It’s hilarious when a student chooses two measures of almost complete rest. It’s clear that they’ve tried to get away with as little effort as possible. But there’s something to be learned in measures of rests, too. Proper rest placement, for one, and a review of the difference between whole rests that hang and half rests that sit.

Most students choose music with lots of details, as you’ll see in the following examples.

When you compare their work to the original music they’ve copied, you’ll know what’s missing and when to gently encourage them to see details they’ve missed. The short discussion that you cultivate will be legitimate instruction in the rudiments of theory.

Lining it up

One of the first things students become aware of is how to line up the notes of the treble and bass clefs so that the music looks the way it sounds. Normally this develops with a little trial and error.

In the following example, the student has lined it up pretty well.

Notice that the forward repeat would need one more line, and that the bar line for the second copied measure is missing. This student also needs to remember to work in pencil, not pen. Can you spot the other tiny detail that’s missing?

With this kind of theory, I approach all corrections with a very casual and cheery tone of voice, saying things like, “Next time, watch for…” and I fill in the blank. Mostly, I’m just really glad they remembered to do it and appreciate the effort they’ve invested.

Beethoven, German Dance in Eb major, WoO 13 No. 9

Noticing elements of basic notation

Before looking at my comments on the following example, take note of what feedback you’d give this student:

Student copied 2 measures from Faber’s O Holy Night.

In the copied music above, the student has copied many details well. In your feedback, you’ll want to cover these points first.

  • Good spacing of the left hand eighth notes
  • Brace and first bar line (often one or the other is missing)
  • Clefs, time signature and dynamic mark p

But there are also some details that are missing:

  • The whole rest in measure one
  • Dynamic mark mp
  • The bar line at the end of the second measure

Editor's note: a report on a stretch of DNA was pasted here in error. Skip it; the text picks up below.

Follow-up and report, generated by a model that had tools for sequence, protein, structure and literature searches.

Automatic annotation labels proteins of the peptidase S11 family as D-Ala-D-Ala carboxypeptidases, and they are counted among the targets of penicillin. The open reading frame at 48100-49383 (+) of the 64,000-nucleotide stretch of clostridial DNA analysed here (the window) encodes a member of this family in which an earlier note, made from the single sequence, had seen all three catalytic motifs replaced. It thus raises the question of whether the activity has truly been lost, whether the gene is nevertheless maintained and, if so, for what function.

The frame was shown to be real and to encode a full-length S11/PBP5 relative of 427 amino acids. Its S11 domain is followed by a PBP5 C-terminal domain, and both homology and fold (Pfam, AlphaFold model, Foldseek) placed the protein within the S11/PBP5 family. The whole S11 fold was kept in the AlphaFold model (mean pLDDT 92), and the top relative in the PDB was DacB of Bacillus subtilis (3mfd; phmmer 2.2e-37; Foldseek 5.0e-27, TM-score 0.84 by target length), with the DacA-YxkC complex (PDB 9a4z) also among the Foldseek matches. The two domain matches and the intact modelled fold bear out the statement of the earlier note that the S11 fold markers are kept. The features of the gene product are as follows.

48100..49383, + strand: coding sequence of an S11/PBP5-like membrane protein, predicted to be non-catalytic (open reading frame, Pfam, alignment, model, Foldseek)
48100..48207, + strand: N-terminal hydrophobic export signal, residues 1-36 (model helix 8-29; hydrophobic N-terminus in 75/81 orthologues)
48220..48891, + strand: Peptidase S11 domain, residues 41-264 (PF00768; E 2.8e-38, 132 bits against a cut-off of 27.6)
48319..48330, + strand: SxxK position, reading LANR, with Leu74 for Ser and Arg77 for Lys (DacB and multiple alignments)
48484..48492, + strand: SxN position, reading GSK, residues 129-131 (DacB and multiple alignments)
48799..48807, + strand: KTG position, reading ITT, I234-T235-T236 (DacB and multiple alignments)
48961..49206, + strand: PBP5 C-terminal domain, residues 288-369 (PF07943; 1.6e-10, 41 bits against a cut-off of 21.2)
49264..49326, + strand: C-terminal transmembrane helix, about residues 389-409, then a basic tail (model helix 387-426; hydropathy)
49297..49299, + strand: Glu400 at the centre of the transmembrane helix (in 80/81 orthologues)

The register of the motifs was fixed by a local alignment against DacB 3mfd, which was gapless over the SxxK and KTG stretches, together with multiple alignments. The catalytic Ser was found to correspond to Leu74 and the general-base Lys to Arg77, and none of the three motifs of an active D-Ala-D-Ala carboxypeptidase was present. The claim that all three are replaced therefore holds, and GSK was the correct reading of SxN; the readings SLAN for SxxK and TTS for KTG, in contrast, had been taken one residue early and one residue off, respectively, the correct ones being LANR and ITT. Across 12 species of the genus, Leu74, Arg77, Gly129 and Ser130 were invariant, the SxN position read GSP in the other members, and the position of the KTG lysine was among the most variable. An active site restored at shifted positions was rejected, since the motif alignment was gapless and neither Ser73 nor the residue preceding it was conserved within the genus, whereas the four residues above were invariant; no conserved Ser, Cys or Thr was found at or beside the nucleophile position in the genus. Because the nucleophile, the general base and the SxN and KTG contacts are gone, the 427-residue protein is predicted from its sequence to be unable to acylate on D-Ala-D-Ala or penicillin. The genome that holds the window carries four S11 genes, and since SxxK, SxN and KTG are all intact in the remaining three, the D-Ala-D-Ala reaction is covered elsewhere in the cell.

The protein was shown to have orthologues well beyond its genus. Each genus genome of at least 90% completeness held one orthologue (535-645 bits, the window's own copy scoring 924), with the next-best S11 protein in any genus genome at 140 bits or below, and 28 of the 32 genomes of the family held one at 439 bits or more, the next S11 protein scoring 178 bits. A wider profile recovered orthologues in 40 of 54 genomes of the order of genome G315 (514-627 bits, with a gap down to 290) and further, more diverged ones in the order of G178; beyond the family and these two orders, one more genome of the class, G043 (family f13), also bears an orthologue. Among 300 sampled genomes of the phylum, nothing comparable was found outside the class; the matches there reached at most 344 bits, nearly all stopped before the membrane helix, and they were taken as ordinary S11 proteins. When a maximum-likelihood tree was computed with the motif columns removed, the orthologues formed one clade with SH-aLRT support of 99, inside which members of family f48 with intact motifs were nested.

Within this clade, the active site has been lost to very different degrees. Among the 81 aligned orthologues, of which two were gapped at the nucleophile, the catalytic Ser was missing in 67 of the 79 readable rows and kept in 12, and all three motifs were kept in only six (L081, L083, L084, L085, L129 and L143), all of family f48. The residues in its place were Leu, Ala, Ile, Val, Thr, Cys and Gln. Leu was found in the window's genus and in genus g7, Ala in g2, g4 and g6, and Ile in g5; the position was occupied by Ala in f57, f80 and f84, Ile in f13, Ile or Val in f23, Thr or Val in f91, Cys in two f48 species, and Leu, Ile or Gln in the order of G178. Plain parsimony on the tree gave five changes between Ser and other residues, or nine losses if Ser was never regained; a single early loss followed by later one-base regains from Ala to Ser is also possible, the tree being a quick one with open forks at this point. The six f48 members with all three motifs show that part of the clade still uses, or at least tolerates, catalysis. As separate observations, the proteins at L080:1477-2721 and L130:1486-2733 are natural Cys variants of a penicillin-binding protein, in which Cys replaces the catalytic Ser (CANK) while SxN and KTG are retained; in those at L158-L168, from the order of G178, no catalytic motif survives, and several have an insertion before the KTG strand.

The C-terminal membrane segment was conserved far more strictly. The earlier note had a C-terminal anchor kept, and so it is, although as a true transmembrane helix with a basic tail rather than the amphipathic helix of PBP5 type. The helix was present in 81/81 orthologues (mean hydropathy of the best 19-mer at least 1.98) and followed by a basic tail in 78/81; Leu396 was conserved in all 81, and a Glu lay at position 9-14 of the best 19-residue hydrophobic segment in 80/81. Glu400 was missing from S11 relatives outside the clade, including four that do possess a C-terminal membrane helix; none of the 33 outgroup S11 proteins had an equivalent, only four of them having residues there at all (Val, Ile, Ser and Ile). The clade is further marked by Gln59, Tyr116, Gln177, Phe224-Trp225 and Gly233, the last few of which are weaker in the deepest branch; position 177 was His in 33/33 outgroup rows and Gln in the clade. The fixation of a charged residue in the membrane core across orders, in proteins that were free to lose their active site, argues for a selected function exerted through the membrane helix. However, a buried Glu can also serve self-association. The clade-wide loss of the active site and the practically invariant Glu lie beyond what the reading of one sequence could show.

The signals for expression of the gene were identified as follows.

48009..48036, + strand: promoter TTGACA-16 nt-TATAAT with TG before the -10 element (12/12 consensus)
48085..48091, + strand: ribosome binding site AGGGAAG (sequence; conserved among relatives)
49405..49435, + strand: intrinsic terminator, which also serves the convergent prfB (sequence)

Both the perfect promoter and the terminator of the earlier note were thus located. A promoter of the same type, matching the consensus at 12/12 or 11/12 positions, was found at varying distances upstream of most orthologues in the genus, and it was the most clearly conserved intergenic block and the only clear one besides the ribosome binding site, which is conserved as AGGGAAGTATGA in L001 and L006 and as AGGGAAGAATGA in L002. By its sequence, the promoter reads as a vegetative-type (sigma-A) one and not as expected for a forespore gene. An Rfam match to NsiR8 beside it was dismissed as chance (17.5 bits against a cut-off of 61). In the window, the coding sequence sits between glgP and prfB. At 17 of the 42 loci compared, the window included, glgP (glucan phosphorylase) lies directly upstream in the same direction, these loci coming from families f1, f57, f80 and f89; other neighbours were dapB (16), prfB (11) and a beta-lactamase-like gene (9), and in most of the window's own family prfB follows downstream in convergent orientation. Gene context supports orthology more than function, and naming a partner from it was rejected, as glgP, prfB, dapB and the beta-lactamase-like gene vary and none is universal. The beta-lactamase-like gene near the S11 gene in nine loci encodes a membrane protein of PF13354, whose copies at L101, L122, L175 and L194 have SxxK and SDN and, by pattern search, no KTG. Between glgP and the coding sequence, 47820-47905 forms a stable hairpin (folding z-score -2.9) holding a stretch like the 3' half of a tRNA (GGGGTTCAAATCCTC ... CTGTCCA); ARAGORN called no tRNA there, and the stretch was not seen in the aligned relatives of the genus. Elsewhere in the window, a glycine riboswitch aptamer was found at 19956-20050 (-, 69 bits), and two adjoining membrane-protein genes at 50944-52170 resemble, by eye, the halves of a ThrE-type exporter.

• And in measure 2, the 6/8 rhythms don’t line up

Extra picky things (that might bug piano teachers) that I may not mention at this stage are:

  • The dynamic mark P should be written precisely above the first note
  • The tempo marking
  • The brace shouldn’t connect to the staff — it needs a bit of space. (This is picky and it will depend on the age of the child and how many other things I’m pointing out.)

The reason I choose to let some things slide is because kids are less likely to want to do this homework if it’s picked apart completely. I say just enough to let them know what kinds of things to look for so they’ll catch more details next time.

Noticing expression markings

In the following three images you’ll see the progression from the original print version of The Ninth Session (from Andrea Dow’s The Beethoven Sessions) to the first version of homework submitted, to the edited version after our short discussion.

Dow, The Ninth Session, measures 8-9.
Student copied 2 measures.
After discussion on expression markings.

It’s interesting to note above that on their own, this student copied the notes well but that the missing details were comprised of expressive marks.

This leads me to believe that integrated theory homework of this nature will help students to become more aware of all of the markings in their music, not just for theory and copying, but to boost how they learn and play their music.

The same student was much more attentive to details with the following two measures copied from the same piece. Can you spot the details that are still missing?

Dow, The Ninth Session, measures 16-17.

Note: Does this kind of copying breach copyright? If your students are already learning from purchased prints of the music and are copying only two measures at a time for educational purposes, no.

Integrated Applied Theory

Asking a student to copy real music they are currently learning integrates their theory into the rest of what they’re doing in piano lessons. And because it helps students connect theory with the pieces they are learning to play, it also makes their theory feel more relevant.